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Good Friday

Easter portrays the song of new life

Good Friday commemorates Christ’s suffering and agony and death on the cross, a death which is the divine assurance that he died to save mankind from sin

Rev. Dr. Dominic Savio, SJ | Published 16.04.22, 08:49 AM
Prayer: Over 500 people attended the Good Friday worship service and meditation of Jesus’s Seven Words from the Cross at St Paul’s Cathedral. The service was held in English and Bengali. At the Church of Christ the King in Park Circus, the parish priest said the “faithful were happy to be back in the church for an in-person service”.

Prayer: Over 500 people attended the Good Friday worship service and meditation of Jesus’s Seven Words from the Cross at St Paul’s Cathedral. The service was held in English and Bengali. At the Church of Christ the King in Park Circus, the parish priest said the “faithful were happy to be back in the church for an in-person service”.

Picture by Gautam Bose

The festival of Easter is without a doubt one of the most important festivals in the Christian calendar. It comes as the culmination of Lent, the 40-day period before Easter, observed with prayer, penance, fasting and almsgiving.

Holy Week begins on Maundy Thursday, the day of the Last Supper when Jesus washed the feet of his disciples, setting the example of loving service in humility by those in authority.

Good Friday commemorates Christ’s suffering and agony and death on the cross, a death which is the divine assurance that he died to save mankind from sin.

Holy Saturday, which is spent in prayer and Bible reading, is followed by the culmination of the festival on Easter Sunday, which is the joyful celebration of the Resurrection of Jesus from the dead.

Early on Easter Sunday morning, while it was still dark, Mary Magdalene and some other women went to the tomb. They saw that the stone had been removed from the entrance and that an angel dressed in white and whose appearance was like lightning, was seated where Jesus’s body had been laid. The Angel said to them: “You seek him who was crucified. He has risen as he said. See the place where he lay. Then go and tell his disciples that he has risen from the dead” (Matthew 28:5-7).

The women fled from the tomb overcome with trembling and astonishment, and that was when Jesus met them and said: “Hail!” They took hold of his feet and worshipped him (Matthew 28: 9-10). Then Jesus said to them: “Go tell my brethren that they depart into Galilee, and there shall they see me.”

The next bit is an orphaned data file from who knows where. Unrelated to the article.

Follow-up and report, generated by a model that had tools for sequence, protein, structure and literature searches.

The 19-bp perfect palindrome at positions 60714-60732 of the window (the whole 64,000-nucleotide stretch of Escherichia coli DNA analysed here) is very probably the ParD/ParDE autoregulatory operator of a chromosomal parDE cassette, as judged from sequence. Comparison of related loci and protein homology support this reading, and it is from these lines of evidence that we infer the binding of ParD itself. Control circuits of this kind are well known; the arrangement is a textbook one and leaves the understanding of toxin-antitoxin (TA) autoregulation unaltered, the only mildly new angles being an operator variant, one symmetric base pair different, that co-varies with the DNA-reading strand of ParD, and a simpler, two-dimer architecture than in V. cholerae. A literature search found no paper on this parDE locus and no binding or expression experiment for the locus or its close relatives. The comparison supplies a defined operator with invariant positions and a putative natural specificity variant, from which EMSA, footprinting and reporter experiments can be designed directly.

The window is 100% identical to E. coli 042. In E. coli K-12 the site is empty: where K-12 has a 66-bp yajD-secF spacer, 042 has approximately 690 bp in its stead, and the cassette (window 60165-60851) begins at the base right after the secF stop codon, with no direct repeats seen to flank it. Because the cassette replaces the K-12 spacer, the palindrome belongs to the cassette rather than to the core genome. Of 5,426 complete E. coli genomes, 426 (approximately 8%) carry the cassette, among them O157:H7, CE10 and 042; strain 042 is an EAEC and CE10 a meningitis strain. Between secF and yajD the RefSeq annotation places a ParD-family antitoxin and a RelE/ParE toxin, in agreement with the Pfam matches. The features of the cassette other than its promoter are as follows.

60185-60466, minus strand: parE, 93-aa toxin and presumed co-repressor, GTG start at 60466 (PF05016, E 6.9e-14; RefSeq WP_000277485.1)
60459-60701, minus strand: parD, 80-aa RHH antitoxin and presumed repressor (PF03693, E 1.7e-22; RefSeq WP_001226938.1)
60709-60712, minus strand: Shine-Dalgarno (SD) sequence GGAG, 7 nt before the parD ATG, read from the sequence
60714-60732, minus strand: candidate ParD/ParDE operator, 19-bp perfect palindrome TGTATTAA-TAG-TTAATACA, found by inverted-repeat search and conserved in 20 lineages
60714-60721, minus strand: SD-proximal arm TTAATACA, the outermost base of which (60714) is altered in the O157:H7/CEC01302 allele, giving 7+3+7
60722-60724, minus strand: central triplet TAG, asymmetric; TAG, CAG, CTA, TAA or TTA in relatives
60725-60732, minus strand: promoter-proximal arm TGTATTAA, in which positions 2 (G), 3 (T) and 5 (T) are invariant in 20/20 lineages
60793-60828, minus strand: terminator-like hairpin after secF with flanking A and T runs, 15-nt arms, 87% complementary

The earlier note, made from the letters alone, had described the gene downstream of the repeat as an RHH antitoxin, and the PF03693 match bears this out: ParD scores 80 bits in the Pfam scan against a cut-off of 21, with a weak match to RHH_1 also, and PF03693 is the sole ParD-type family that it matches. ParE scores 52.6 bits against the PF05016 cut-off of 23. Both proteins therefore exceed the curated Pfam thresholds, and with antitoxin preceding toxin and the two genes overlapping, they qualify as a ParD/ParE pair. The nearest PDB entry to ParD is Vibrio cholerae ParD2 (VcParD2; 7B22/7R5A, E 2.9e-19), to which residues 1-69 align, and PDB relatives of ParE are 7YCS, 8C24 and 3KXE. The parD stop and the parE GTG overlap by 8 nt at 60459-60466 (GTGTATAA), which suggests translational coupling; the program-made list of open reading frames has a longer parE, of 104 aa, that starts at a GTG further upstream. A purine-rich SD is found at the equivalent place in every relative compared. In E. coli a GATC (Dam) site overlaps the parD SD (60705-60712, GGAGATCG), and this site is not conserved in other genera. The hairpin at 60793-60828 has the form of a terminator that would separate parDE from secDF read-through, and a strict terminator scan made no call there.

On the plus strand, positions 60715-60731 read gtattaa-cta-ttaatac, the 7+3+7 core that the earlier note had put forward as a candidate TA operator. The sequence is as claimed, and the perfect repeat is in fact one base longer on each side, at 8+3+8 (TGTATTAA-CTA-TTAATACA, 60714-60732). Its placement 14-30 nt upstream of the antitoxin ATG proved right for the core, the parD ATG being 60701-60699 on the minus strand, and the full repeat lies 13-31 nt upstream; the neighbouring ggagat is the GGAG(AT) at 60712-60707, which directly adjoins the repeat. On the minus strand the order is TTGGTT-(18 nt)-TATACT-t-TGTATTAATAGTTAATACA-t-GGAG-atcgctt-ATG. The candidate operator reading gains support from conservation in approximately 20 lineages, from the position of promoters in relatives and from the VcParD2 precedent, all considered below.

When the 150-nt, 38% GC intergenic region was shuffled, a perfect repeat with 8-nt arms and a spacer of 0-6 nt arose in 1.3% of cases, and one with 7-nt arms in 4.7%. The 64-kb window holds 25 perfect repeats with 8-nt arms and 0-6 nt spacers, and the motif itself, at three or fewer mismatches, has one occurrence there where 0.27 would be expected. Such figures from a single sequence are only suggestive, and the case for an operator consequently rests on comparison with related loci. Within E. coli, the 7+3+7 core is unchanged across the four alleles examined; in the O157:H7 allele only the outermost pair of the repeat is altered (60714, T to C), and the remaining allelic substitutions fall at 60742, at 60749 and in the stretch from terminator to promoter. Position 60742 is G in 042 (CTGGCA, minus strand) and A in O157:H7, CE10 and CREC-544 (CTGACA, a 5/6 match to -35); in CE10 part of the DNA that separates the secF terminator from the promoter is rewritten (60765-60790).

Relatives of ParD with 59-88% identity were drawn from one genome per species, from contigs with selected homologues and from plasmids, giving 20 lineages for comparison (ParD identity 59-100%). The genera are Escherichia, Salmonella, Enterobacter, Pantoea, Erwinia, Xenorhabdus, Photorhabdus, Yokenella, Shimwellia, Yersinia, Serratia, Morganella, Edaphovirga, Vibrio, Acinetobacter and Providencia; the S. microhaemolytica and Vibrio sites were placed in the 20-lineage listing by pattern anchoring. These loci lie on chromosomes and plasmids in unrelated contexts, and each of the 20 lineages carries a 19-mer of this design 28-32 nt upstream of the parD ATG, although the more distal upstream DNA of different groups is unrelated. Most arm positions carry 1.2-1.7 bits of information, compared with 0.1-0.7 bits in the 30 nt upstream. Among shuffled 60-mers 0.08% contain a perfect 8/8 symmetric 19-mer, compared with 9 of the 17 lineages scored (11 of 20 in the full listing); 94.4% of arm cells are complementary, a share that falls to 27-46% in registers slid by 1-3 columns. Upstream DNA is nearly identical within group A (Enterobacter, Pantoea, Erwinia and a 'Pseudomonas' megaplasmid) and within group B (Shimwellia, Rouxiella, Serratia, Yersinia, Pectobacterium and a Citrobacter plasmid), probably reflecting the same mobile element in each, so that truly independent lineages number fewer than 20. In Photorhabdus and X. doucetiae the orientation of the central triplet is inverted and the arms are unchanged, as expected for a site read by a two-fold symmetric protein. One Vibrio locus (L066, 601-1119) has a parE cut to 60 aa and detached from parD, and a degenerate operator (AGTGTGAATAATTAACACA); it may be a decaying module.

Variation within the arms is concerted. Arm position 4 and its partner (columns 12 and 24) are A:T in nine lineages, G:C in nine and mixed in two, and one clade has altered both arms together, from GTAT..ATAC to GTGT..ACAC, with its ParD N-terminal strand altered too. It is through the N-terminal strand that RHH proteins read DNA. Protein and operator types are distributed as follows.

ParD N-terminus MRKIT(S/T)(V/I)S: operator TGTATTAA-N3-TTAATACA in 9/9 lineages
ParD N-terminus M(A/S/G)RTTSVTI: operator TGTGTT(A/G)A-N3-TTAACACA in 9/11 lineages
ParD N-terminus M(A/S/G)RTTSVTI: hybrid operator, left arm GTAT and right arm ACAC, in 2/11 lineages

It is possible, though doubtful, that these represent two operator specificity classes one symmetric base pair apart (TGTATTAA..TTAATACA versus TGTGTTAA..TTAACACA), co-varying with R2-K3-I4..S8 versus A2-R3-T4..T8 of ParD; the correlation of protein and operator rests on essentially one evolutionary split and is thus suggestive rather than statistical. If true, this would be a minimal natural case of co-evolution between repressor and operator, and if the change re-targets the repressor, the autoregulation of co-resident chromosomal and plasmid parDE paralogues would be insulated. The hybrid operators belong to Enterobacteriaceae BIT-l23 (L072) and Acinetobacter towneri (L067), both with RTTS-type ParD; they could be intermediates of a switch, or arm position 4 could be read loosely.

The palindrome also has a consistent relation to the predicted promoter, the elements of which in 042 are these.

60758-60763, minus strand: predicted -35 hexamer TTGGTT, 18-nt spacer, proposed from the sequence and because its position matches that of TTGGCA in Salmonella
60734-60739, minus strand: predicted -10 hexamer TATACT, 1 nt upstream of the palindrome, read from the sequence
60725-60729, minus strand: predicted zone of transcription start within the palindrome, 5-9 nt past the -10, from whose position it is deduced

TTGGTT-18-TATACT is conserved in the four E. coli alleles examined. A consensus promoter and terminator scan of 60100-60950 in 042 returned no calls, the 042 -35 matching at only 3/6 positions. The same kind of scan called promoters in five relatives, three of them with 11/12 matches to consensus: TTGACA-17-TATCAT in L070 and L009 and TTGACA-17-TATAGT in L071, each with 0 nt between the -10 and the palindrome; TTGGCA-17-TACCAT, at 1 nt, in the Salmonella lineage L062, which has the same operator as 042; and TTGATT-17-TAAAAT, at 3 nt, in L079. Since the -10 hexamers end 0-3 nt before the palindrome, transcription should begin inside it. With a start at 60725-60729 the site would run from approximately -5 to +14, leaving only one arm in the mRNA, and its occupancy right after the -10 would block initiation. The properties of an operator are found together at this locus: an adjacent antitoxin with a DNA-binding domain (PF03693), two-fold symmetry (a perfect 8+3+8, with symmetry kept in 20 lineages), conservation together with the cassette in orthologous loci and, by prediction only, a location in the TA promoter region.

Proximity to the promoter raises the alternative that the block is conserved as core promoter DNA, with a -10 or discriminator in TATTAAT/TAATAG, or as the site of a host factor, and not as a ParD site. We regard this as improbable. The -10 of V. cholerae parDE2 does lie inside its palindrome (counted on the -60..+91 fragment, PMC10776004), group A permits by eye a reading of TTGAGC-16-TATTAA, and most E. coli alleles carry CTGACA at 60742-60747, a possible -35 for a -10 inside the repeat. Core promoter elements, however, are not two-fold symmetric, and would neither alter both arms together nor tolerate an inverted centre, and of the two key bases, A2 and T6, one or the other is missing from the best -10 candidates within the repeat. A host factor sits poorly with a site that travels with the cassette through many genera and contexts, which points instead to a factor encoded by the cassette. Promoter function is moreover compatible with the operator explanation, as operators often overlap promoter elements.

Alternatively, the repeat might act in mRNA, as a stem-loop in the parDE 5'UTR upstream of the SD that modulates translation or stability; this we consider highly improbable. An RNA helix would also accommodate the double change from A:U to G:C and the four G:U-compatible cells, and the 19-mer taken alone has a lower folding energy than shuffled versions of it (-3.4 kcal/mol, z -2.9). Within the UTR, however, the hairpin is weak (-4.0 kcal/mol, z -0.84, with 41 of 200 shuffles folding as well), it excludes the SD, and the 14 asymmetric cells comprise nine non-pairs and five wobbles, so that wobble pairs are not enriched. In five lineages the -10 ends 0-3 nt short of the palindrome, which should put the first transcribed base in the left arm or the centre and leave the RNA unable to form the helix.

What is the message of Easter for us?

The story of Easter is laden with meaning.

It is the message of God's love for the world. Because of his infinite love, Jesus Christ came to save the world, being born into our pain, suffering and death. He conquered mortality to give us strength to go through the trials of life and to resurrect us into a new birth and a new hope in the life beyond.

The resurrection of Jesus from the dead is at the very core of the Christian gospel. According to St Paul, Christian preaching and hope would be in vain if Jesus had not been raised. The disciples would have continued in despair and without direction, but having touched His wounds, and having eaten and drunk with Him, the resurrection became the foundation of everything they said and did.

Indeed, Easter is an affirmation of our belief that death is not final and that we can be born into the glorious new life beyond to dwell with God in eternal joy, happiness and peace. Easter, very simply, affirms that in the midst of darkness we can yet achieve the light.

So, while we celebrate Easter, we should not forget the message that is encoded into it: that life will triumph over sin, evil, death, that light will overcome darkness, as joy will overcome sorrow, and eternity will overcome mortality. Easter tells us that God is ever-present with us, in all our struggles over sin and evil.

And let us not forget the symbolism of Easter. Resurrection is a return from death; it is therefore like a rebirth into a new life. So, when we celebrate Easter, symbolically we recognise that we can die to our old way of living and resurrect into our new life with Christ. And this is integral to the Christian faith: if we believe that Jesus was raised from the dead, we will be saved. And that is the gift of Easter: it is the gift of Peace, the gift of hope eternal. The greatest gift of God to man.

It is so much like the season of Spring. Spring is like the rebirth of the world. New life springs up all around us. The cold and dark of Winter have been overcome by the joy and light of Spring. Easter is like that. Jesus died on the cross but God raised him up to a life of newness in all ways. So also, we, who are touched and transformed by Easter, we too must die on the cross of our selfishness and shortcomings and be raised up in mind, heart and soul, becoming new creations of God. And that is the gift of Easter for each of us who believe.

A gift is something precious and beautiful. A gift can so easily be thrown away in the dust heap of ingratitude. But when a gift is given, it should be honoured and valued, which is why we must remember that a gift requires something of us in return. The gift of Easter, which is the gift of new life, requires that we rise to the noble and glorious challenge to make everything new all around us. As God makes us new, transforming us into his image and likeness, so also must we work with God to make his creation, humanity and everything around us ever new. The gift of Easter is the gift of vision and power to see the world anew and change the world anew and make it truly this beautiful earth, a harbinger of the beautiful kingdom in the life beyond.

  • Rev. Dr. Dominic Savio is the principal of St Xavier’s College (Autonomous), Kolkata
Last updated on 16.04.22, 08:49 AM
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